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Myrtle Mania


By Paul James

With all due respect to our beloved state tree — the redbud — I think the crape myrtle defines Tulsa and its environs better than any other tree. That’s not to say it’s my favorite tree, because it isn’t, but it’s certainly among my favorites, and it vaults to the top of the list when it’s ablaze in summer blooms, and in winter when its exfoliating bark becomes the star of the show.
I remember a time when essentially all crape myrtles on the market were destined to grow at least 15-feet tall, the choices in terms of flower color were limited, and the leaf color was pretty much the same no matter which variety you chose.
All that’s changed. And just in case you’re wondering what my favorite tree is, it’s the Ginkgo. Except when crape myrtles are in full bloom.
Shop Crape Myrtles
Is it crape or crepe? Because the flowers resemble crepe paper, crepe is the original spelling, and is still preferred by purists. But crape is more commonly used.

Plant Now

Spring and fall are the preferred times for planting nearly all trees. But crape myrtles are an exception. Their roots actually grow rapidly in warm soils, which means now is a great time to plant. Just make sure to water well throughout the summer months.
Crape myrtles are native to China and Korea. The first trees arrived in the U.S. in Charleston, North Carolina, in 1790s

So Many Sizes

The greatest thing about crape myrtles these days, as opposed to just a decade or so ago, is that there are so many sizes available, from less than two-footers to over 20-footers, and just about everything in between. And in addition to the familiar tree forms, there are some awesome shrub forms as well. In other words, there’s a spot somewhere in your garden for a crape myrtle, assuming it gets plenty of sun.

And Color Combos

Leaf colors are now available in green to reddish to purple to almost black, and although the basic flower colors haven’t changed all that much, the range of hues certainly has. Particularly striking are the varieties with nearly black leaves and white flowers selections. 

Ideal Growing Conditions

Crape myrtles will grow in decent soil so long as it drains well, but they don’t like wet feet. More than anything else, they need sun, and lots of it. They simply won’t grow well -- and more importantly, won’t flower well -- if grown in shade.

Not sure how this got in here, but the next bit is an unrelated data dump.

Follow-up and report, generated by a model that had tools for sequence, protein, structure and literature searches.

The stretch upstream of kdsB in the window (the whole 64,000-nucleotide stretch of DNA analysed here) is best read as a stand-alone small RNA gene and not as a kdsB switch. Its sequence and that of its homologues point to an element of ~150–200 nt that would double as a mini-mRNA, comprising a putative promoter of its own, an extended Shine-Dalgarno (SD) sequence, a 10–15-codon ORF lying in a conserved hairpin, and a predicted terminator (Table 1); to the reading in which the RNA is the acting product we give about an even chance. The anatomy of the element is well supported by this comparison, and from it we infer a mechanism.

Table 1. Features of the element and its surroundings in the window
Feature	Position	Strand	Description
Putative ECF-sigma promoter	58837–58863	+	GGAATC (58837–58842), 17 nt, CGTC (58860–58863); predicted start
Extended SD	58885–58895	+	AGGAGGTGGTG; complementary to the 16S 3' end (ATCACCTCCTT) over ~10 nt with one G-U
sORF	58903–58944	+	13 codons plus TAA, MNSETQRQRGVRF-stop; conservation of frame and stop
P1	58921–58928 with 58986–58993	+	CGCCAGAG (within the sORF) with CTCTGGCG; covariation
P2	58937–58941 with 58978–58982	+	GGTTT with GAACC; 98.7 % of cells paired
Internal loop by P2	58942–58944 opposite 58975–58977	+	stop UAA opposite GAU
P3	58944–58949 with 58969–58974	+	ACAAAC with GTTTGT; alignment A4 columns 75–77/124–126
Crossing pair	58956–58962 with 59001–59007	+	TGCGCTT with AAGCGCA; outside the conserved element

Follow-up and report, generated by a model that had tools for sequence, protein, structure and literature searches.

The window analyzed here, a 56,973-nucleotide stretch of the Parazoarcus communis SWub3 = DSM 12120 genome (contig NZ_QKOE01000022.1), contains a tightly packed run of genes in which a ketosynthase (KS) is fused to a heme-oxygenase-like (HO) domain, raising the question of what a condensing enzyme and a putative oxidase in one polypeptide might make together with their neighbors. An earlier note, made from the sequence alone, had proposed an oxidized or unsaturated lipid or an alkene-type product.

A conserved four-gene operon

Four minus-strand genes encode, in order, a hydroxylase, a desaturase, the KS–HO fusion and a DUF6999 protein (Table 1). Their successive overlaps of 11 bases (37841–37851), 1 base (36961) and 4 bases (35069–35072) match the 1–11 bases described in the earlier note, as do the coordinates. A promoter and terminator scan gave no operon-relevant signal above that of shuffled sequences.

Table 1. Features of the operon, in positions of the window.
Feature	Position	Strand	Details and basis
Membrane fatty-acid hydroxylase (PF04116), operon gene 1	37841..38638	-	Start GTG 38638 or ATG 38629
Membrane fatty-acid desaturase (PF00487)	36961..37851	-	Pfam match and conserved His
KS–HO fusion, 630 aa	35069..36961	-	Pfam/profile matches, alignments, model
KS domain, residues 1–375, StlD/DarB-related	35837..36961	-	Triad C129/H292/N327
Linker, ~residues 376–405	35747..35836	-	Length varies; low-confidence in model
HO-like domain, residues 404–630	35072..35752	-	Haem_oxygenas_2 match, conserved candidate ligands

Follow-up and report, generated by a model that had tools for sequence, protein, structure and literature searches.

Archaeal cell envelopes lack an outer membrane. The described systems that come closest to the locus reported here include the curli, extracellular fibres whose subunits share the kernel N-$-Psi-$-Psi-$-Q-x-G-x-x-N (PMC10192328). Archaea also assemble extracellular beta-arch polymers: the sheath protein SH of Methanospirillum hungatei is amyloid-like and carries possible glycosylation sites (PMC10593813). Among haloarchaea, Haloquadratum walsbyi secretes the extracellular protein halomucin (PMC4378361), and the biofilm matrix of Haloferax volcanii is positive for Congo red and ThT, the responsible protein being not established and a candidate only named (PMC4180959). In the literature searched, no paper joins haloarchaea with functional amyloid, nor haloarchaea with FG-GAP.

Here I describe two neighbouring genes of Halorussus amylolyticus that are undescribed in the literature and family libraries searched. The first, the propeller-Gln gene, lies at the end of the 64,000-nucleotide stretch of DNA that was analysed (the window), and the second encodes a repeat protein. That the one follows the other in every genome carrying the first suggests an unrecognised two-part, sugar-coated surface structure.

In late winter, remove branches smaller than the diameter of a pencil, especially those in the interior of the tree, to promote good air circulation. Do not cut them back hard (even though you may see others doing just that), because it destroys the plant's natural form and creates ugly knots or knobs. Pruning suckers that form at the base of the trunks improves the look of the tree.
This black, sooty fungus is caused by insects, including aphids, whiteflies, and scale (see below). So if you get rid of the insects -- which primarily attack leaves -- you get rid of the mold.
Spray leaf surfaces with insecticidal soap, horticultural oil, neem oil, or spinosad and the problem should go away fairly quickly.
The second best way to prevent powdery mildew (which, by the way, is a fungus that looks just like it sounds), is to make sure plants have sufficient light and air circulation. The best way is to simply plant a resistant variety, particularly those with distinctly Native American names -- Arapaho, Comanche, Natchez, Sioux, for example -- as well as Dynamite, Red Rocket, and Pink Velour. Infected plants can be sprayed with horticultural oil.
Photo by Jim Robbins, Univ. of Ark. CES,
Bark scale is nasty. And ugly. The white to gray, felt-like scale insect responsible for the condition secretes honeydew, which then encourages the development of black sooty mold on branches and foliage. OSU continues to recommend scrubbing affected areas with mild dishwashing soap and water (a stiff nylon brush works well), followed by an application of horticultural oil or neem oil to smother any remaining adult insects and their eggs. 
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Tip Of The Week

Removing faded flowers from crape myrtles may encourage more blooms, but it’s a lot of work and the benefit is marginal.
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